Such defilement can be regulated through the seven method path of optimistic attribute: Observing or Seeing, Restraining, Using, Enduring, Avoiding, Removing and Developing. So says the Blessed one, “When you know for yourselves, ‘These things are wholesome; these things are blameless; these things are praised by the wise; these things, if undertaken and practiced, lead to welfare and happiness,’ then you should engage in them”. – Buddha Kesamutti Sutta is a well known discourse to the Kalamas is often related as the Buddha’s charter for Freedom of enquiry.
It can be found in the Book of threes in the gradual Sayings. Kesamutta was a business town of the Kalamas. This being an important part of the entire discourse, begins with Kalamas desirous to clarify how relevant are the doctrines that they have been hearing from various teachers. They wanted to know the truth as every teacher appreciates their own opinions and disparages the view point of others. Buddha clears their views by asking them to experiment every teaching and then imply them in their own life.
But that doesn’t mean one should defy all teachings and prove to be a cynical materialist. This attitude would rather soar up unnecessary self esteem and reverse their urge to investigate any further. To conclude it states how an admirable disciple abides to defy covetousness, ill-will, and confusion, with an expanded morality nurturing love, kindness, compassion, sympathy, joy, and equanimity. This enriches his bliss and gears his happiness till eternity. To sum up, he is self assured and content.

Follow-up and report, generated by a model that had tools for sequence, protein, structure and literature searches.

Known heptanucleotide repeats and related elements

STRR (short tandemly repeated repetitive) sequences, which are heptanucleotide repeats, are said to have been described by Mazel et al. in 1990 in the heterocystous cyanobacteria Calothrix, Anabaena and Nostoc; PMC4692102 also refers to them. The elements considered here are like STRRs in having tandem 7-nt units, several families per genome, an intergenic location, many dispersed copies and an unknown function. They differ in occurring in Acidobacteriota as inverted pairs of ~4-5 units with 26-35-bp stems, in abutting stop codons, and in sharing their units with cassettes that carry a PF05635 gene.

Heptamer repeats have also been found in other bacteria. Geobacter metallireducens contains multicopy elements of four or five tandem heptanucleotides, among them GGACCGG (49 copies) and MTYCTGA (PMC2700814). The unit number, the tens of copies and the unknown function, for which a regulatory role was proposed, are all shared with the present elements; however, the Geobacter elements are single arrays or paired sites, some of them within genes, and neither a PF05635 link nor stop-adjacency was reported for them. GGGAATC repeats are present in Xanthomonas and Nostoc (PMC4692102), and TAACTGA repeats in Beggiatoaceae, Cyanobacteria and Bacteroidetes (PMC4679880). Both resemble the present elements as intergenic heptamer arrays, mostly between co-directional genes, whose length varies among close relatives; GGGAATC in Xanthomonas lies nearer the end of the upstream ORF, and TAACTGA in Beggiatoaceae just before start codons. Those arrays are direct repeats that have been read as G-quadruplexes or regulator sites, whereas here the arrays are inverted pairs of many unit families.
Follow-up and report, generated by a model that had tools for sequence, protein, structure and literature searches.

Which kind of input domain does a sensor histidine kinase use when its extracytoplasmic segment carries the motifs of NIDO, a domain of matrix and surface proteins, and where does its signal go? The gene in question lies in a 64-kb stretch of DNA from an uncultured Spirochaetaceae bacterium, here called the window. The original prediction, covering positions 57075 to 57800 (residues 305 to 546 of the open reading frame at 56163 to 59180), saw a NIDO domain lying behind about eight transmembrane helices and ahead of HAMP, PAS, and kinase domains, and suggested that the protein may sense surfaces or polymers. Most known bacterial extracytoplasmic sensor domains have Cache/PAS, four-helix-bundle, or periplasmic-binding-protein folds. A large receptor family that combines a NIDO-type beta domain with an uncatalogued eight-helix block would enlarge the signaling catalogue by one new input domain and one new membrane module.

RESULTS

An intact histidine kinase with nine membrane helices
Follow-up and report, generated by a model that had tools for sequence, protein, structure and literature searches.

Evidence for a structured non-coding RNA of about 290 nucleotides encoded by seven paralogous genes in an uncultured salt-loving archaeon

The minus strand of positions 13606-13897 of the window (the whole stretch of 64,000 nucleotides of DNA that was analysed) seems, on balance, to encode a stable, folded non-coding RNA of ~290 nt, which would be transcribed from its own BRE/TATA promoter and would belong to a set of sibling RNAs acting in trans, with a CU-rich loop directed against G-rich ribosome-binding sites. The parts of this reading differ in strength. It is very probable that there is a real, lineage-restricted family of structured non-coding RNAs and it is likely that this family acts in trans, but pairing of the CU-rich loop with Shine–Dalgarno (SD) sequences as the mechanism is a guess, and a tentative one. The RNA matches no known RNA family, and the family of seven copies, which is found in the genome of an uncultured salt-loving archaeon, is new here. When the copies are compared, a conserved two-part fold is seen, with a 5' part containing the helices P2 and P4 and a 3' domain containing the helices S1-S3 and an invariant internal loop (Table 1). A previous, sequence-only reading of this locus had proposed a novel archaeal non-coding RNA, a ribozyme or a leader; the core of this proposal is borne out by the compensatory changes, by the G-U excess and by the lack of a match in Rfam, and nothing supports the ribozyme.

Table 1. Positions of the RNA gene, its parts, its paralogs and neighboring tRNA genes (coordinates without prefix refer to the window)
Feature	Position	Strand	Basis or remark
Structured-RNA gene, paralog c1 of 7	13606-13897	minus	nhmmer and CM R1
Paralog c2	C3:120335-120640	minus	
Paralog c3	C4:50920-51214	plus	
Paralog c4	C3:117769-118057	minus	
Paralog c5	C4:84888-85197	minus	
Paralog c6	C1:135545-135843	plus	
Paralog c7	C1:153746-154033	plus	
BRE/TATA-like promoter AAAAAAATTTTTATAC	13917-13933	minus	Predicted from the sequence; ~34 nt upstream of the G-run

The Phenapindupama Sutta speaks about Rupa which is frothy in nature due to its instability, impermanency, and constantly rising and diminishing attribute. Hence it is not self, rather unrealistic. Vedana is truly comparable to an air bubble which is always unsustainable. Our life values various sensations similar to bubbles, vanishing in no time, impermanent, untrustworthy, the nature of Anicca, dukhha and anatta. Perception of sense apprehends whatever it visualizes, hears, smells, tastes, touches or knows are nothing but a mirage.
Consideration of samana as a being, the gender difference is but a mere illusion like a mirage. Practically it is merely a phenomenon of incessant emerging and diminishing. Sankara, volitional activities, are similar to plantain trunks. Layers of fibrous materials constitute to form the plantain trunk without any substantial, solid inner core. Shankara is just like the plantain trunk without any inner substance. Consciousness has similarity with conjuror’s trick. It emerges and vanishes within no time. Consciousness arises devoid of ones desire, but as per condition of its own cause and circumstances.